Hungary/European Union – The campaign for the 3 April Hungarian parliamentary elections has not yet begun, and already, perhaps in view of some of the failures of the opposition’s single candidate and its difficulties in presenting a united front, there are concerns in Brussels and Strasbourg that, for the fourth time in a row, the outcome may not meet expectations.
A full-fledged OSCE observation mission in an EU member state?
62 MEPs from various parliamentary groups, including Daniel Freund (Greens, Germany), Katarina Barley (S&D, Germany), and Petri Sarvamaa (EPP, Finland), have therefore called for an observation mission to be sent to Hungary to ensure the freedom and fairness of the election process on the banks of the Danube:
“We come from 5 political groups and from 19 different countries. But we all share the concern that the elections might not be held to the highest democratic standards”,
they wrote in a letter to the Organization for Security and Co-operation in Europe (OSCE), referring in particular to the 2018 parliamentary elections. According to the letter, during that election
“the intimidating campaign rhetoric limited space for substantive debate and diminished voters’ ability to make an informed choice”,
and Viktor Orbán’s government’s communication strategy “significantly compromised” the fairness of the vote.
“In the run-up to this year’s election, we observed further seriously worrying developments”,
the letter’s authors go on to say, citing, among other things, the fact that voters can now register at a fictitious address.
“Changes to electoral and other laws since 2018 have further undermined the fairness of electoral processes, and significantly increase the risk of – mostly election-day – manipulation both in and outside the polling stations”,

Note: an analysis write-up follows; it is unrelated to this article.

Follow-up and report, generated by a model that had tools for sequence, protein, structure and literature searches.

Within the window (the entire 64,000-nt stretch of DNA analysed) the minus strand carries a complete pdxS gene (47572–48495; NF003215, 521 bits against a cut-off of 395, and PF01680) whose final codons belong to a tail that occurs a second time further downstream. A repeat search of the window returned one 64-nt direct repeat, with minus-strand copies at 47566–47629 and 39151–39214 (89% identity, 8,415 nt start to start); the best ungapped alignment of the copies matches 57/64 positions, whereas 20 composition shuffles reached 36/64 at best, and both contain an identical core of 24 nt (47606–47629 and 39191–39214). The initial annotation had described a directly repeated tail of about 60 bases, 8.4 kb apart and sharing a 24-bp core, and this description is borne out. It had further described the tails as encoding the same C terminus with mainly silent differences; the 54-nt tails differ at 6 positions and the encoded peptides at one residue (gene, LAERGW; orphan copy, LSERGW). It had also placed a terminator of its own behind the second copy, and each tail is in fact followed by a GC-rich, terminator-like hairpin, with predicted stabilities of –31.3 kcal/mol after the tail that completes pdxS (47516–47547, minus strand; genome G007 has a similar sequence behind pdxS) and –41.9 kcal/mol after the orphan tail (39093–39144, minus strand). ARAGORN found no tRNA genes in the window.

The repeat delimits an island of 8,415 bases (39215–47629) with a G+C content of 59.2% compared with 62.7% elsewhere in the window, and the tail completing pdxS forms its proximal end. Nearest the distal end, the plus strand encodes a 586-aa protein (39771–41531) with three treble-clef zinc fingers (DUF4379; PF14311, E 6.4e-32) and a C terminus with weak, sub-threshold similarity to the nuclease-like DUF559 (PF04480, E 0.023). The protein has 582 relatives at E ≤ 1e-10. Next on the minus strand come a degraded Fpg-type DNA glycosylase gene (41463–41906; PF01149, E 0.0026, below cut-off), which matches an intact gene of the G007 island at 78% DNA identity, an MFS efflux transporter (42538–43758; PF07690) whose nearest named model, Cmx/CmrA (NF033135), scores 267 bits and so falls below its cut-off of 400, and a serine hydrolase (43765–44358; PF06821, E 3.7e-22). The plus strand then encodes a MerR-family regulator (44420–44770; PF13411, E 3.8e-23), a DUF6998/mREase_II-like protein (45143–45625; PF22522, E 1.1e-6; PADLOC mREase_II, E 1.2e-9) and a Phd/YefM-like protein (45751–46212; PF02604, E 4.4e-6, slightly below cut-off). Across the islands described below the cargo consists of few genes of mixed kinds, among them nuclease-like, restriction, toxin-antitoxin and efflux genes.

they are also alleged to have said according to Politico, although this exact sentence actually comes from a memorandum published in March 2021 by the very left-wing Council of Europe Commissioner for Human Rights, Dunja Mijatović.
According to Politico, the letter’s signatories have also expressed worries about “voter-tourism” and “the combined effects of a politically controlled media regulatory authority and distortionary state intervention in the media market”.
Viktor Orbán’s government’s positive record
For his part, the Hungarian Secretary of State, Zoltán Kovács, has dismissed these accusations, saying: “Prime Minister Orbán and the ruling alliance are running on a long list of achievements in office (…) Voters will re-elect him, I predict, because he has taken the country forward and delivered real results for Hungarians (…)
When Prime Minister Orbán is re-elected, as I predict he will be, it will be because of broad voter support for his achievements in office: economic recovery during the pandemic, jobs, growth, tax cuts and affordable energy prices.”